Sunday, February 22, 2009

Exceeding Expectations: The A1a Half Marathon

Today, I learned that impending disaster can turn unexpectedly into positive results. Why? I don't know, but it happened to me at the A1a Half Marathon on Sunday.

The A1a Half Marathon is a hometown race that I had signed up for a year ago based on discounted early race fees. As several of my running friends were not running this event for various reasons, I wasn't too excited or focused on this half marathon. I had gone to a Miami Heat game during the day on Saturday. That evening was spent with some none running friends drinking some wine and eating dolphin they had caught fishing that day. While the fish was delicious, it was far different from the usual pre-race pasta feed. We talked with our friends late into the evening. By the time I got home, arranged my running gear and turned in for the night, it was past 11PM. Not the best for my planned 4:30AM wake up. My sleep that night was not the best either. I suppose it wasn't any worse than a pre-marathon's night's sleep, but I awoke feeling a bit out of sorts.

Cool weather in the mid 60s and a slight breeze bode well for a good start. My situation at the race starting area, however, was like being involved in a train wreck. The parking lot near the start, which is normally maned by a fee collector for major events, had no attendants. Instead, everyone had to stand in an enormous line waiting to use the pay machine for a parking slip to put in the window of our cars. After waiting in line to pay for parking for what seemed like 45 minutes and still a good half hour from being able to use the parking toll machine , I hear the race officials announce that the wheel chair division will start in 5 minutes. I abandon the line, risking a $25 parking ticket.

I head into the corrals without time to make a port-a-potty stop...and I feel like I have to go. I find some friends and we wait for the start. We wait some more. It turns out that the race officials decided to delay the start by 15 minutes for a train to pass which crosses the course. "Oh good," I think, "I can get to the potties and back before the start." I bolt over to the port-a-potties and duck into one. No toilet papar and a very wet seat. No thank you! I find a cleaner potty. Unfortunately, I get no luck in getting my system started. After sitting for 5 minutes with no results, I decide its best to get back to my corral before the starting gun is fired.

I resign myself to a bad race and start asking some friends who I've met up with what pace they plan to run. 8 minute miles? Sounds good to me. That would equate to a 1:45, which I think may be wildly optimistic given my morning so far. One of these friends I'm with, Jana, is usually a pretty fast runner. However, she feels under trained for the race. Her hedging is not helping my doubting psyche. I decide that running with this group is probably the best I can do. I hope not to blow up and end up off this 1:45 target, which feels like a stretch goal.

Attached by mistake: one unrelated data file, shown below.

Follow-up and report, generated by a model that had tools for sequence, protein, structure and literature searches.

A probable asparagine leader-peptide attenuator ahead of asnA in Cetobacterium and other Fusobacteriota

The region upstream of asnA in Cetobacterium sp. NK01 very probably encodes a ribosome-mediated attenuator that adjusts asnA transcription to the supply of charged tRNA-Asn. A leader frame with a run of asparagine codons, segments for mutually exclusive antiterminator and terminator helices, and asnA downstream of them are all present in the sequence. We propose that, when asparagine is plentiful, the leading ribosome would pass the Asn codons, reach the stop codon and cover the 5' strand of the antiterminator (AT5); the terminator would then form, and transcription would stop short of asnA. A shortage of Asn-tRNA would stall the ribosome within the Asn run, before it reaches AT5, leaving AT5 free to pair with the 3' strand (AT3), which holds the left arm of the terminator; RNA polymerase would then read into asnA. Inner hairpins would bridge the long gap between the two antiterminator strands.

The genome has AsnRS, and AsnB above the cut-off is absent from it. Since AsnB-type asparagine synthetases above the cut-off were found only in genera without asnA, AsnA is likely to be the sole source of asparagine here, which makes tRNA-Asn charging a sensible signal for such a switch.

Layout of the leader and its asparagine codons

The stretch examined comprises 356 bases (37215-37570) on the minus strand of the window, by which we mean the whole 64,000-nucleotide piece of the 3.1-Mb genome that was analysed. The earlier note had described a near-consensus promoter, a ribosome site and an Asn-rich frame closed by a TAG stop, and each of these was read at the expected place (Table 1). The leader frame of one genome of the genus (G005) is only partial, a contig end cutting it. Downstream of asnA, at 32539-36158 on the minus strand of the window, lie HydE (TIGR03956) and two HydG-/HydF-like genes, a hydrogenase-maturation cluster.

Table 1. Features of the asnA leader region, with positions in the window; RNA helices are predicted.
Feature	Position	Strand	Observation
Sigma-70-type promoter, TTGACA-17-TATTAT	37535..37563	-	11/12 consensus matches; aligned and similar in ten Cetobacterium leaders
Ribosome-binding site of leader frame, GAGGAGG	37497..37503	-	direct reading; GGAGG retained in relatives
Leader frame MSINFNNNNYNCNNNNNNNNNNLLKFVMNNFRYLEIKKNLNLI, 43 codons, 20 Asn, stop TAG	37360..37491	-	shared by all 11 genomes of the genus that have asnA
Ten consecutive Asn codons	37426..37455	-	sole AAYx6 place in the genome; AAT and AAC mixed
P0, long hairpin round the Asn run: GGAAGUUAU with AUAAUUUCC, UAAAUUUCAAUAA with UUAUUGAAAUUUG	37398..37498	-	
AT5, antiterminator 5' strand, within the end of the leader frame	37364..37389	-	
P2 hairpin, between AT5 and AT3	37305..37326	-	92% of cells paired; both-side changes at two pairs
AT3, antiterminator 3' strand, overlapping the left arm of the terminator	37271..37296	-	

Once the gun goes off, however, I break ahead of this running group. I later learn the group splintered from the start. I just go by feel and I seem to feel OK. I hit the first mile marker with a 7:30 mile. I think I may be buying trouble, but there is no going back. I run mile 2 in a similar time of 7:30. I know I'm out too fast. I slow things down a bit and settle into the 7:45 to 7:50 pace range. As I pass from Las Olas to A1a I see injured buddy John and friend Tracy and high five them on the way by.

As I head up A1a, I figure I'll try to stick to a 7:50 mile pace until I start to bleed pace and drop into the 8:00 to 8:30 range. However, the 7:50 pace never seems to wear me out. I must have either gotten good speed work the week before on my race pace runs or I'm more rested from the 2 week training hiatus. "Best not to over-analyse during the race," I think, "Just keep going until your pace naturally drops." It never does. I keep the 7:50ish pace and come in strong for a 1:41 finish.

Bill at around mile 12

Our really fast friends, Keith and Jen, take age group places. Jana had the trouble keeping pace that she expected, but finishes respectably in 1:46. Our friend Carrie, doing her last event before heading out to New Zealand for her first full Ironman, comes in at 2:04. Fast bicyclist, first time half marathoner, Tony comes in around 2:10. Injured buddy John is at the finish to take pictures as we cross the line. Injured wife Salome took all the pictures in this blog entry. Everyone was in good spirits and glad to be done before the temperatures start creaping into the upper 70s. We headed to the food area to munch on bananas, cookies and muffins. We've earned a little indulgence.

Tony, Carrie & Bill at the finish area

Why was I able to sustain a sub 8 minute pace when I've dropped pace after the 10K mark in my last several marathons? I'm not sure. Perhaps it was simply not going in with great expectations, allowing me to run a more controlled and even pace. Maybe it was simply good weather. I'm not sure I care about the reason. The result was good and I never did receive a parking ticket. I think I'll just enjoy the result and let it be.

1 comment:

EuroWayne said...

You're a freaking animal...congrats!